Question about Commodities

Q&A with IFA: Commodities (2016 Update)

Question about Commodities

Question: Should I have a separate exposure to Commodities in my portfolio?

In short, we have concluded that the answer is no, and we will explain why below.

Based on returns data for the last 10, 20, 30, 40, and 46 years, the S&P GSCI Commodity Index severely under performed all the equity index asset classes across US, International and Emerging Markets. And adding insult to injury, the S&P GSCI Commodity Index has even underperformed the IFA Five Year Global Fixed Income over the same period on both an absolute and especially on a risk-adjusted basis.






If you are invested in a diversified portfolio of stocks like IFA’s Index Portfolio 100, you already have commodities exposure through energy, mining, agriculture and natural resource companies which make up about 8% of the portfolio.

The problem with commodities is that you are betting on what someone else would pay for them in six months. The commodity itself isn’t going to do anything for you….it is an entirely different game to buy a lump of something and hope that somebody else pays you more for that lump two years from now than it is to buy something that you expect to produce income for you over time.” 

Trading in commodities is pure speculation and not investing, and this is what Buffett had so humorously said about speculation in this interview featured on CNN Money.

 “At the beginning, it's driven by fundamentals, and then speculation takes over. As the old saying goes, what the wise man does in the beginning, fools do in the end. With any asset class that has a big move, first the fundamentals attract speculation, then the speculation becomes dominant. Once a price history develops, and people hear that their neighbor made a lot of money on something, that impulse takes over, and we're seeing that in commodities and housing...Orgies tend to be wildest toward the end. It's like being Cinderella at the ball. You know that at midnight everything's going to turn back to pumpkins & mice. But you look around and say, 'one more dance,' and so does everyone else. The party does get to be more fun -- and besides, there are no clocks on the wall. And then suddenly the clock strikes 12, and everything turns back to pumpkins and mice."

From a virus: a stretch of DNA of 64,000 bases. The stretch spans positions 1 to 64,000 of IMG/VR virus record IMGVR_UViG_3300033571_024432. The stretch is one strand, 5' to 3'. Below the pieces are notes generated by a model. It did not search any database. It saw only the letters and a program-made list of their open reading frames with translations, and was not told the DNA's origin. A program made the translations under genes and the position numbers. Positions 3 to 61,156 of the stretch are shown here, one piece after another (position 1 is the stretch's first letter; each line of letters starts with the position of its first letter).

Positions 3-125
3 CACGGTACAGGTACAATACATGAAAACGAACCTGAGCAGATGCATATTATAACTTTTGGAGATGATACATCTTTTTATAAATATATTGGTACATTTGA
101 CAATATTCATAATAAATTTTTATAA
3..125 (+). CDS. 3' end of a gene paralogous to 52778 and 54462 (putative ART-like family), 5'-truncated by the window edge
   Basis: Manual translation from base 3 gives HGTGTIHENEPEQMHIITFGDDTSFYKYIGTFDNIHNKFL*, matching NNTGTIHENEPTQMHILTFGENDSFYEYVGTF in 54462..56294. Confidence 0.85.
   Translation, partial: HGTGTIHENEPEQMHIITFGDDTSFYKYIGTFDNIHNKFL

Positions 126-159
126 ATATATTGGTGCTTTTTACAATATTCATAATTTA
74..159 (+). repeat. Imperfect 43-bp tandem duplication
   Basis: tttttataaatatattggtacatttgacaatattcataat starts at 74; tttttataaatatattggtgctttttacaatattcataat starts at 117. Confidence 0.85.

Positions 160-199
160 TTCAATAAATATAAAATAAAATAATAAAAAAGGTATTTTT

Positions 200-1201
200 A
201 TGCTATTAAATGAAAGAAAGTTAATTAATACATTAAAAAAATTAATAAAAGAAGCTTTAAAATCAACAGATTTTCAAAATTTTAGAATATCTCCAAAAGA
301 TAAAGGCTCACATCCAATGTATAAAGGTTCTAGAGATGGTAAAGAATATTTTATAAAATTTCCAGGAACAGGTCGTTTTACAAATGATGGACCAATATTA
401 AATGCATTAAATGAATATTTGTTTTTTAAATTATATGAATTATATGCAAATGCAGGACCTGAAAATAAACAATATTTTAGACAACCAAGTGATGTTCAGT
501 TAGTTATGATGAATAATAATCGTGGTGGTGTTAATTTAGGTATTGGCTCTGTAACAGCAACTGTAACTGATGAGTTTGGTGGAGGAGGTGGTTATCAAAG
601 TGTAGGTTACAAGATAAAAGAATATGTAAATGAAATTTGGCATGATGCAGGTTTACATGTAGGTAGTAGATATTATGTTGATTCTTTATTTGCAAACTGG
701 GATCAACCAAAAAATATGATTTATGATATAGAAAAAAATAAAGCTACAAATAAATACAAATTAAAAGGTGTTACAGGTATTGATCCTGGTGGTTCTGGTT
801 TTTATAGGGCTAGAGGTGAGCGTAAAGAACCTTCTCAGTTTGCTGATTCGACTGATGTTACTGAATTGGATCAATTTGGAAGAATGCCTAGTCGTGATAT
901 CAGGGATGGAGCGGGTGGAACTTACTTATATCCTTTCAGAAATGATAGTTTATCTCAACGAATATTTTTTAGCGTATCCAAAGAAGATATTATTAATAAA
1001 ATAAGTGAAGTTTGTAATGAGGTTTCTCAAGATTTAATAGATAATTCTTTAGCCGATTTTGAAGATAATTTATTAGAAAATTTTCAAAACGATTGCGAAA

A recent working research paper by Marco Lombardi and Francesco Ravazzolo of the Bank for International Settlements monetary and economic department has debunked the myth that commodities provide a solid diversification for investment portfolios. John Kemp did an excellent job of summarizing it in this Reuters article. I found the following excerpt from the conclusion to be especially relevant:

“This paper has shown that the correlation between commodity and equity returns has substantially increased after the onset of the recent financial crisis…At the same time, an investment strategy, which also includes commodities in a portfolio, produces substantially higher volatility and not always produces higher Sharpe ratios [risk-adjusted returns]. This is at odds with the common notion that commodities serve as a hedge.”

Regarding gold and silver, they are commodities too, and we have addressed them here and here.

Since inception (1999), IFA has never recommended commodities to our clients and we have no regrets. We consider this stance to be consistent with our advice to “Invest but never Speculate.”

This reminds me of Jason Zweig’s article titled Saving Investors from Themselves in which he made the following astute observation:

“I was once asked, at a journalism conference, how I defined my job. I said: My job is to write the exact same thing between 50 and 100 times a year in such a way that neither my editors nor my readers will ever think I am repeating myself. That’s because good advice rarely changes, while markets change constantly. The temptation to pander is almost irresistible. And while people need good advice, what they want is advice that sounds good.”

 In our opinion, investing requires education, discipline and for most investors, the assistance of a fiduciary advisor. Our clients benefit from an unwavering commitment to strategies that incorporate financial innovations (or dimensions of expected returns) that are sensible, persistent through time, pervasive across markets and cost-effective to capture in a well-diversified portfolio.

IFA's recommendation is that investors establish an investment policy by taking the Risk Capacity Survey and a financial plan, then invest and relax. 

If you would like to learn more about our services, please call us at 888-643-3133.